An influential stimulating force for this dish was watching the work of Pierre Gagnaire. Chef Gagnaire has reinvented modern French cuisine in his amazing 37 year career.


When conceptualizing a dish I ask myself three important questions. What do I want to see on the plate? What do I want to smell? What textures do I want in my mouth? This course is an eccentric confluence of textures, consistencies, colors, and flavors.


The base of the dish is a sauté of shiitake mushrooms, Yukon gold potatoes, and shallots. The middle portion is a succulent, immoral, wickedly tasting Yukon gold puree. Next up following in the footsteps of yesterday’s Florida tomatoes post is a medley of diced plum, purple Cherokee, and tangerine tomatoes tossed in balsamic. The final flourish is a crunchy Parmigiano-Reggiano crisp.

An extraordinarily earthy veggie course even the most dedicated meat-lover will take pleasure in.

Yukon Gold Two Ways with Shiitake Mushrooms

For the Sauté:
2 small Yukon gold potatoes - (diced)
5 Shiitake mushrooms – (small chop)
2 shallots - (small dice)
Olive oil
Sea salt
Smoked paprika
Marjoram

1. In sauté pan heat 2 tbs olive oil over medium heat.
2. Add the Yukon gold potatoes. Cook for about 10 minutes.
3. Add the shiitake mushrooms. Cook for about 5 minutes.
4. Season with sea salt and smoked paprika.
5. Add the shallots. Cook for 3 minutes.
6. Sprinkle with marjoram. Take off the heat.

For the Yukon gold puree:
4 small Yukon gold potatoes – (peeled)
Half and Half
1 cinnamon stick
1 vanilla bean – (split)
2 bay leafs
Allspice
Ground nutmeg
Brown sugar
Sea salt
1 stick of butter – (unsalted)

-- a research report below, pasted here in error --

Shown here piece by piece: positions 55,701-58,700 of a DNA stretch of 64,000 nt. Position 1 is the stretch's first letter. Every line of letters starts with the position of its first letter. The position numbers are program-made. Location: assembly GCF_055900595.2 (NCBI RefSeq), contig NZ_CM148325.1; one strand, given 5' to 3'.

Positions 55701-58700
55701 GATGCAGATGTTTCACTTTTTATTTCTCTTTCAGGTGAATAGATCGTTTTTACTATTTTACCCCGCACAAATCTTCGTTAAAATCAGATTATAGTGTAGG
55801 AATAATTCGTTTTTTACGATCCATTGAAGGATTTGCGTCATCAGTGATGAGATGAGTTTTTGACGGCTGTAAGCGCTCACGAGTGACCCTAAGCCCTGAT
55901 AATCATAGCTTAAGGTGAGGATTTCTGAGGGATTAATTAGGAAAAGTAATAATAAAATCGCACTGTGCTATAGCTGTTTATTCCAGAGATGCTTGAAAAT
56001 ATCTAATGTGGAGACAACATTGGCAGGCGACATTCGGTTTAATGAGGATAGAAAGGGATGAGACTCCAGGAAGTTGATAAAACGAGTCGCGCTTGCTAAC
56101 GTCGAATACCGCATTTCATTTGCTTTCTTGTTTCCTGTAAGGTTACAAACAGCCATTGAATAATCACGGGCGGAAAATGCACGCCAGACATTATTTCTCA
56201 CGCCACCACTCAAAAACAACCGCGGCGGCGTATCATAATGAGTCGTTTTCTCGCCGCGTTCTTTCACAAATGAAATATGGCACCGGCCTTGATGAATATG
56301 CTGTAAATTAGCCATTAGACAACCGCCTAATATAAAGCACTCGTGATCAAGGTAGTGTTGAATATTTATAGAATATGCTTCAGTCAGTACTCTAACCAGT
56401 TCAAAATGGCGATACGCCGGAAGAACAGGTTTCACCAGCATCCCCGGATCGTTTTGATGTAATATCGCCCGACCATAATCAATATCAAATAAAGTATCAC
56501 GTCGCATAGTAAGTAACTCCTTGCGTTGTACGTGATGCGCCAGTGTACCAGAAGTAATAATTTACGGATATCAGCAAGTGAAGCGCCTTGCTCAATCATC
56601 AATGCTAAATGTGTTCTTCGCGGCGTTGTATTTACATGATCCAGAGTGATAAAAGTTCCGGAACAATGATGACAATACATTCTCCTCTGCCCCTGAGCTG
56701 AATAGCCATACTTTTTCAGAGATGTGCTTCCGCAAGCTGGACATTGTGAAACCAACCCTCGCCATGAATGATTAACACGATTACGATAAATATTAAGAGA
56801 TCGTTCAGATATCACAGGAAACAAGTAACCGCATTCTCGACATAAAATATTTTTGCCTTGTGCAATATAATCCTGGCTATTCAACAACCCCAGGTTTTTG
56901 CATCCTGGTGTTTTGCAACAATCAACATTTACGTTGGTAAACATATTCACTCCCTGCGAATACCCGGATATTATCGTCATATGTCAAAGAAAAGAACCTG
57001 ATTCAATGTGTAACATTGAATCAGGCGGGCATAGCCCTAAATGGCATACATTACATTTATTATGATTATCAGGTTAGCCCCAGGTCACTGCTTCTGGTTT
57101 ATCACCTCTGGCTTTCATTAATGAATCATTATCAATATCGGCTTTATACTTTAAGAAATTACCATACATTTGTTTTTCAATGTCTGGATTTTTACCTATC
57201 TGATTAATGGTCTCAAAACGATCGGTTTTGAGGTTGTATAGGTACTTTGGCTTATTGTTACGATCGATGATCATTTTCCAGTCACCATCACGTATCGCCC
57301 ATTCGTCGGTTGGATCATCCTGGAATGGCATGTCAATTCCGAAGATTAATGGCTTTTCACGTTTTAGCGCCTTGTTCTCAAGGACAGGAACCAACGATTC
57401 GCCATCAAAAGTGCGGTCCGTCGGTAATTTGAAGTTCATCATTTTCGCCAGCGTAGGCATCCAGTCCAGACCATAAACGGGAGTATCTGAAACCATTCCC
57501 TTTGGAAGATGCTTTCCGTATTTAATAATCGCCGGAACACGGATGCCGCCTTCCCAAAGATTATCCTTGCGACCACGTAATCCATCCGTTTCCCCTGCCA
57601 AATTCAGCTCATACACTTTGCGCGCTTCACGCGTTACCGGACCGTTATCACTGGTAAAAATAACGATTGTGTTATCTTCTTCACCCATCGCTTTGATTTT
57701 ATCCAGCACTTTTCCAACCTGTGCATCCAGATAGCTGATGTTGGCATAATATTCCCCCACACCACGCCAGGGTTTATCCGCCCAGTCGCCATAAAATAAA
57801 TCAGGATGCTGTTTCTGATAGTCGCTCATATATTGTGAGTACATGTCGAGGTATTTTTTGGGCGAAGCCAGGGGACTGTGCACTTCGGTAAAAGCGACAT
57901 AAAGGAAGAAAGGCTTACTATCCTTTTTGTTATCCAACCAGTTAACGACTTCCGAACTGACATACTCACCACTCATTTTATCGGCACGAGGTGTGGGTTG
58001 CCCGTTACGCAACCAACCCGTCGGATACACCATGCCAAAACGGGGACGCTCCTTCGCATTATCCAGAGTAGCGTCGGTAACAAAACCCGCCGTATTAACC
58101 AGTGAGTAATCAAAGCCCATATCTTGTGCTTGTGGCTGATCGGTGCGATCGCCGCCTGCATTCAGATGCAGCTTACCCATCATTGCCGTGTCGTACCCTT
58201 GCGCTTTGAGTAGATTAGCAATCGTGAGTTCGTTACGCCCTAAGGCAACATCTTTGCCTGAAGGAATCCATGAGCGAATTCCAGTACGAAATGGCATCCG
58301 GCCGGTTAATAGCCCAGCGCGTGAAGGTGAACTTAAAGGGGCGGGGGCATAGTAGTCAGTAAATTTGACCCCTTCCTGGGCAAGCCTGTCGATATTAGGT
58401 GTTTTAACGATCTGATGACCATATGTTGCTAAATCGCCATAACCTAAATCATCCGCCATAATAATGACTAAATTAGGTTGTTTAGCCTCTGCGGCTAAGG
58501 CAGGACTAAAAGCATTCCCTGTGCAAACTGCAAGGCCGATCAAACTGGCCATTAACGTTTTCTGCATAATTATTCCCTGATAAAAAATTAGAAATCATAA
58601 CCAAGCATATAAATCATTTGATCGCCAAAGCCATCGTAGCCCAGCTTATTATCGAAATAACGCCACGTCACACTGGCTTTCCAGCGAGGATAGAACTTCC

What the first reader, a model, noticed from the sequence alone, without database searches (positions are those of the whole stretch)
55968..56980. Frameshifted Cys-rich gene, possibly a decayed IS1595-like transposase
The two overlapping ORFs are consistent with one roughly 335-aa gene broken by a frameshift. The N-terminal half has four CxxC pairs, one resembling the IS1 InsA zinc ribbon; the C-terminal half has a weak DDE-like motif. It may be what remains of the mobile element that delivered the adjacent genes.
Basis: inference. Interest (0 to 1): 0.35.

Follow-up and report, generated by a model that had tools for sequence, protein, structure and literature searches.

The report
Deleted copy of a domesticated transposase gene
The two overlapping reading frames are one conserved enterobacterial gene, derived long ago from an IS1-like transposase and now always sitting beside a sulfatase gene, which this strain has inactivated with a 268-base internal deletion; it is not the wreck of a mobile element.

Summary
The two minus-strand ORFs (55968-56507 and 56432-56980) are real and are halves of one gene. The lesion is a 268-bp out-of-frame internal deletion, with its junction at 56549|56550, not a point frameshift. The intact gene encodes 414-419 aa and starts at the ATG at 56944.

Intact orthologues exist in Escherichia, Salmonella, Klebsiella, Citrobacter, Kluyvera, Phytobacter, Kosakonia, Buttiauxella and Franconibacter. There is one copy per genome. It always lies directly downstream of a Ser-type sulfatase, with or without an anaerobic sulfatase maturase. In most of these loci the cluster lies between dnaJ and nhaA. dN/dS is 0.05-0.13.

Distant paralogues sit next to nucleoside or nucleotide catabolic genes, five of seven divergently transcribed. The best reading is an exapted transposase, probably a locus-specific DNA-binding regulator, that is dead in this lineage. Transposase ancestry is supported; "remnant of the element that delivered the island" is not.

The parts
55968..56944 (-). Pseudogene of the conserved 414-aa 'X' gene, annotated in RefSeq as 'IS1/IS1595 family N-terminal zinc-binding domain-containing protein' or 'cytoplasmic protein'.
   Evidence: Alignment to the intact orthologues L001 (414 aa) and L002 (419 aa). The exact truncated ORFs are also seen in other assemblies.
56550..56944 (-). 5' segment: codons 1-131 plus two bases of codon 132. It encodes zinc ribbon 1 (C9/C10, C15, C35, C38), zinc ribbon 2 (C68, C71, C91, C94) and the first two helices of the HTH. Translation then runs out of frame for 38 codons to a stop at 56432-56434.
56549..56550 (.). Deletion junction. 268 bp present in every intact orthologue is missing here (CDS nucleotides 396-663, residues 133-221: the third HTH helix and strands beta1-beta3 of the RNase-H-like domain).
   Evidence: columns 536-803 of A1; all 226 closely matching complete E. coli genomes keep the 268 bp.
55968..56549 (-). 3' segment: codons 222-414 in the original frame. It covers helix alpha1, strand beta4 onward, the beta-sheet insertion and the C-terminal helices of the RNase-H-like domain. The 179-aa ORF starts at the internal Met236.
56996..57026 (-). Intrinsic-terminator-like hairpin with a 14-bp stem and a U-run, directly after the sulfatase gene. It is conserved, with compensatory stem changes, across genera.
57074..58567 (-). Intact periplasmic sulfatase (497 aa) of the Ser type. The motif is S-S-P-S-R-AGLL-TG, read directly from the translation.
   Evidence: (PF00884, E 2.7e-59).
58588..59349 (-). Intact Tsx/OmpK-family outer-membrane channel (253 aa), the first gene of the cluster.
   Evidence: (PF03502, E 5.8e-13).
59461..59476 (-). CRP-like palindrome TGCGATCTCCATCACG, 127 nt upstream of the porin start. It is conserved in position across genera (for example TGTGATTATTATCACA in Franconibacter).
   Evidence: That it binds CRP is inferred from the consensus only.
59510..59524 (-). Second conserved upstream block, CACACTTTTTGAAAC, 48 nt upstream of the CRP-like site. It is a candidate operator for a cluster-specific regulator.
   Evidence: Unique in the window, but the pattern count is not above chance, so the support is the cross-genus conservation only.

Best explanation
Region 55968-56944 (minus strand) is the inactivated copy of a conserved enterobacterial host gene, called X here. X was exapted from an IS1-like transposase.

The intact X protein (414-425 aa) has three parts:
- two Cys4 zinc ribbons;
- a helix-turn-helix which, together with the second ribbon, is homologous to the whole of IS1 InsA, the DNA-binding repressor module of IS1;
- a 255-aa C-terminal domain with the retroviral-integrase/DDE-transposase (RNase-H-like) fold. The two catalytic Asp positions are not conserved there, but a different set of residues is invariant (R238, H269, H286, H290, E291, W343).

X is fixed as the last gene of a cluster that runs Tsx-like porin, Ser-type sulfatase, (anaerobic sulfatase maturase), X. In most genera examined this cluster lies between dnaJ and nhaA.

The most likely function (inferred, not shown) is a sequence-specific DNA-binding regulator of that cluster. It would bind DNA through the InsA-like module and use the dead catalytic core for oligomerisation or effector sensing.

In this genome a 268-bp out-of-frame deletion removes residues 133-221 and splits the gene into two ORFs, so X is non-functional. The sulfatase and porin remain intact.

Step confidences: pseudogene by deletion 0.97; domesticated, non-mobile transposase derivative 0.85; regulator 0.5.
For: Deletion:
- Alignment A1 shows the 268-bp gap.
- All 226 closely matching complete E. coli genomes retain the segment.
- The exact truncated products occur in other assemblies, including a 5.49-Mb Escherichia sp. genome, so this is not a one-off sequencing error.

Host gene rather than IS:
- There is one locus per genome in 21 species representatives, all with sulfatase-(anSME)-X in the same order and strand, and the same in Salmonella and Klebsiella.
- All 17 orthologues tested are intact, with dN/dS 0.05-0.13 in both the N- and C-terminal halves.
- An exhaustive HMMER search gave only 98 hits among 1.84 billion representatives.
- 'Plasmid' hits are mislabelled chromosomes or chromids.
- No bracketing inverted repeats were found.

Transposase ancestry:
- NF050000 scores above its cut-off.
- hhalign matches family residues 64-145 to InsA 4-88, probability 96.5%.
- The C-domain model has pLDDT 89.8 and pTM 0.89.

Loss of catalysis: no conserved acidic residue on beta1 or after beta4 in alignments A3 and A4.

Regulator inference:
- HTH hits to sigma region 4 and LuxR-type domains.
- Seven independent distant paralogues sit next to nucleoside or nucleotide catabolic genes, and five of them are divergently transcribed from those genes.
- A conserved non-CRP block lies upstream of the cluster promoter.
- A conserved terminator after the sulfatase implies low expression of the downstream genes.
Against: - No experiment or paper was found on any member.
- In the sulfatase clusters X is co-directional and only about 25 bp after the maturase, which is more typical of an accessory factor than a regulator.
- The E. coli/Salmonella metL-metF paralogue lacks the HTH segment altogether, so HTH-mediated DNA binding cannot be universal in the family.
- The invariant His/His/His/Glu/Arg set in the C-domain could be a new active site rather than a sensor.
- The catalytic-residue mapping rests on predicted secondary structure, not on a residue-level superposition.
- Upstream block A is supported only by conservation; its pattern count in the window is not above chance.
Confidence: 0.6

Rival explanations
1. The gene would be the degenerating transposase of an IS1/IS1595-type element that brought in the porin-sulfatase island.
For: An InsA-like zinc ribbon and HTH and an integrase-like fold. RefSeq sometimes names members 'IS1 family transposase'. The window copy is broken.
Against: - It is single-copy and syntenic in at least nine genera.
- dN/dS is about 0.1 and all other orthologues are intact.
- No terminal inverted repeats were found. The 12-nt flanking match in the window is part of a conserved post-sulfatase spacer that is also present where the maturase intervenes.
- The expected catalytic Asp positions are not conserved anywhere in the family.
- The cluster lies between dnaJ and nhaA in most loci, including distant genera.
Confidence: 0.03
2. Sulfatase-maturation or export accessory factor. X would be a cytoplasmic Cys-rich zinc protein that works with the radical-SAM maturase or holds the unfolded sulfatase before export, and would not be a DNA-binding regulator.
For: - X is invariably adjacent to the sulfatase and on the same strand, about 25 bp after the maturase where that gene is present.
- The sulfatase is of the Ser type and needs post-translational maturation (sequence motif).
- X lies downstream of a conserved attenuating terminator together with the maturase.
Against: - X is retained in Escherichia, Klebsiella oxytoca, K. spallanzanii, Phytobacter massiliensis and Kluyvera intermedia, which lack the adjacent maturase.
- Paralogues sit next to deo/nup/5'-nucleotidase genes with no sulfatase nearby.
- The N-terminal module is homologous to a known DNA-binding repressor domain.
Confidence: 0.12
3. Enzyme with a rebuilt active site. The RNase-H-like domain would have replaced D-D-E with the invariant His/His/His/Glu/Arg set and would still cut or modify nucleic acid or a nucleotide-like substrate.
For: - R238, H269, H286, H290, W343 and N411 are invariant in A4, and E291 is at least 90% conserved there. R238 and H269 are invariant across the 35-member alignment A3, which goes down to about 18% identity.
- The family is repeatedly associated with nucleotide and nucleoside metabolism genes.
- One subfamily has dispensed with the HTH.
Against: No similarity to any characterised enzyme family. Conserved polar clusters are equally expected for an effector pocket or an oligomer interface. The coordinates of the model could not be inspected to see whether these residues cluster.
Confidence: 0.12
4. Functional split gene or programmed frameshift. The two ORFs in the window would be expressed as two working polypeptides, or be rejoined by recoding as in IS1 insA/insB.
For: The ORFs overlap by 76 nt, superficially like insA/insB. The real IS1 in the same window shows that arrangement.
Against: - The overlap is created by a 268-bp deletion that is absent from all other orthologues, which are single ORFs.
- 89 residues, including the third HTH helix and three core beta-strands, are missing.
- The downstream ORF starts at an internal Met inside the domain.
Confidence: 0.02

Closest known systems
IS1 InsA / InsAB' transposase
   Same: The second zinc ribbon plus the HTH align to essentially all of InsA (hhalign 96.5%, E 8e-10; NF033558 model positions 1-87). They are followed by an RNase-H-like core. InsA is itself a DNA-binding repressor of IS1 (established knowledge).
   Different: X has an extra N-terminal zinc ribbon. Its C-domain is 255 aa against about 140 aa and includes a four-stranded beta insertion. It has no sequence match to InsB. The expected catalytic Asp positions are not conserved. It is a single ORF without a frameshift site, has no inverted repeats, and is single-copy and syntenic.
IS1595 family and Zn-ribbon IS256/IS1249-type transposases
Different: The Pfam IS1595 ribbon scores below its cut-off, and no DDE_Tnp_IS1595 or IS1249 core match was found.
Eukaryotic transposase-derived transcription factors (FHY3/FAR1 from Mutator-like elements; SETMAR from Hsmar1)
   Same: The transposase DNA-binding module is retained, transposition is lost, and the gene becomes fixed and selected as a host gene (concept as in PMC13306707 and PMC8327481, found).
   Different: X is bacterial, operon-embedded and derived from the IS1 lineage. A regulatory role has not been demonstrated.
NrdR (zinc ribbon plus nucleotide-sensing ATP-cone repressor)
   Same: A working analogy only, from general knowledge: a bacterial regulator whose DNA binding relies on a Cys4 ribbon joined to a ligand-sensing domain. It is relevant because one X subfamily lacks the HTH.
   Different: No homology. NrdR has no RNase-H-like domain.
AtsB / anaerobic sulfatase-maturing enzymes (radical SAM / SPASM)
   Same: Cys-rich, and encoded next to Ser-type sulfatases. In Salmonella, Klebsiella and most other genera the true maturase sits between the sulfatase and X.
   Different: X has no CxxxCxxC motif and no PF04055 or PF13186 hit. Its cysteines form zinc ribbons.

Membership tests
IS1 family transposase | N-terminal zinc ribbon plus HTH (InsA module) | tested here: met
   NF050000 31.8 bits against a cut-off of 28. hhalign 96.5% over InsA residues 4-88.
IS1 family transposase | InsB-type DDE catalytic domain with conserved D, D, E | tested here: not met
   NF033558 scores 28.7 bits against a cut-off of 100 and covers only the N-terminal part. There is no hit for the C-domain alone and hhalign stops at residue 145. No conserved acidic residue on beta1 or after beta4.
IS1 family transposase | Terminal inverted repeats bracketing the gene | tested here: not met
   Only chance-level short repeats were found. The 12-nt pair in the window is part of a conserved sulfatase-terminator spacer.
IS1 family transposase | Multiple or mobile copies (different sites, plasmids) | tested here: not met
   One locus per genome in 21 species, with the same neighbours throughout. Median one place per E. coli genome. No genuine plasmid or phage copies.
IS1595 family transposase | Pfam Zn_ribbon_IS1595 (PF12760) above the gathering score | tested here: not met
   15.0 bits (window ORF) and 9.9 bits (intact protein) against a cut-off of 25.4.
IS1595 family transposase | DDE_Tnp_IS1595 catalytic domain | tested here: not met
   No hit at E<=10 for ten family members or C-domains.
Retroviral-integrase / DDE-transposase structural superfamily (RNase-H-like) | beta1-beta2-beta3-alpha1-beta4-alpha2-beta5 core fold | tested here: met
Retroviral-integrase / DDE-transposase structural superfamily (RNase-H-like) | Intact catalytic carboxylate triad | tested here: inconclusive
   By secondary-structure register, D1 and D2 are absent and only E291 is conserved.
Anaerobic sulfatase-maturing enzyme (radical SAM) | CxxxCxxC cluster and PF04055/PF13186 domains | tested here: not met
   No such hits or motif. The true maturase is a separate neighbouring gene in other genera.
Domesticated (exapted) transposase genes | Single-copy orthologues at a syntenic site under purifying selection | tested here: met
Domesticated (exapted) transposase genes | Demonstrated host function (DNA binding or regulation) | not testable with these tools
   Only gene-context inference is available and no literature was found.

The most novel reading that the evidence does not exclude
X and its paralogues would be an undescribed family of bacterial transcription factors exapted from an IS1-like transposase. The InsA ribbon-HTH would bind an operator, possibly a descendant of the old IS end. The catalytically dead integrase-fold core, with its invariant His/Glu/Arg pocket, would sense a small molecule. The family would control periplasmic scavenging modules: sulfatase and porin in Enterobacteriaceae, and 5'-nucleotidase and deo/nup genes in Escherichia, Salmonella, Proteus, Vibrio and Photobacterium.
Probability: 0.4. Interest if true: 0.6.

1. Place the potatoes in a stockpot
2. Cover with half-and-half.
3. Add the cinnamon stick, vanilla bean, 2 bay leafs.
4. Season with allspice, ground nutmeg, brown sugar, and sea salt.
5. Simmer till potatoes are tender.
6. Remove the potatoes to a plate.
7. Strain the poaching liquid – (reserve)
8. Clean the inside of the stockpot. Put the stick of butter in the clean stockpot.
9. Rice the potatoes, using a potato ricer, into the stockpot.
10. Over low heat mix the potatoes and butter well.
11. Add a bit of the reserved poaching liquid. Whisk hard and fast to emulsify.

For the Tomatoes:
1 purple Cherokee tomato – (diced)
1 tangerine tomato – (diced)
1 plum tomato - (diced)
Balsamic vinegar
Olive Oil
Sea salt

In a bowl combine the tomatoes with a splash of balsamic and olive oil. Season with sea salt. Mix well.

For the Parmigiano Crisp:
Parmigiano-Reggiano cheese
Ring mold
Silpat Mat

1. Preheat the oven to 320 F.
2. Using a Microplane grater finely grate the cheese.
3. Place a Silpat mat on a baking sheet.
4. Using the ring mold, make mounds of cheese.
5. Bake in oven for 10 minutes.

Silpat Mats are the best baking tool known to man.  Nothing sticks to it and clean up is quick and easy.  If you do not have one...get one you will not regret it.  Demarle Silpat 11-3/4-by-8-1/4-Inch Nonstick Silicone Baking Mat

That's it for now...till we exchange a few words again...Peace!

Friday, April 9, 2010

Tomatoes: Local, Seasonal, Perfect

Tomatoes are the most popular crop among vegetable gardeners. A vine-ripened tomato from the garden blows away a store bought tomato. Local seasonal Florida tomatoes grown in rich soil taste much better than tomatoes grown in depleted soil and shipped a long distance.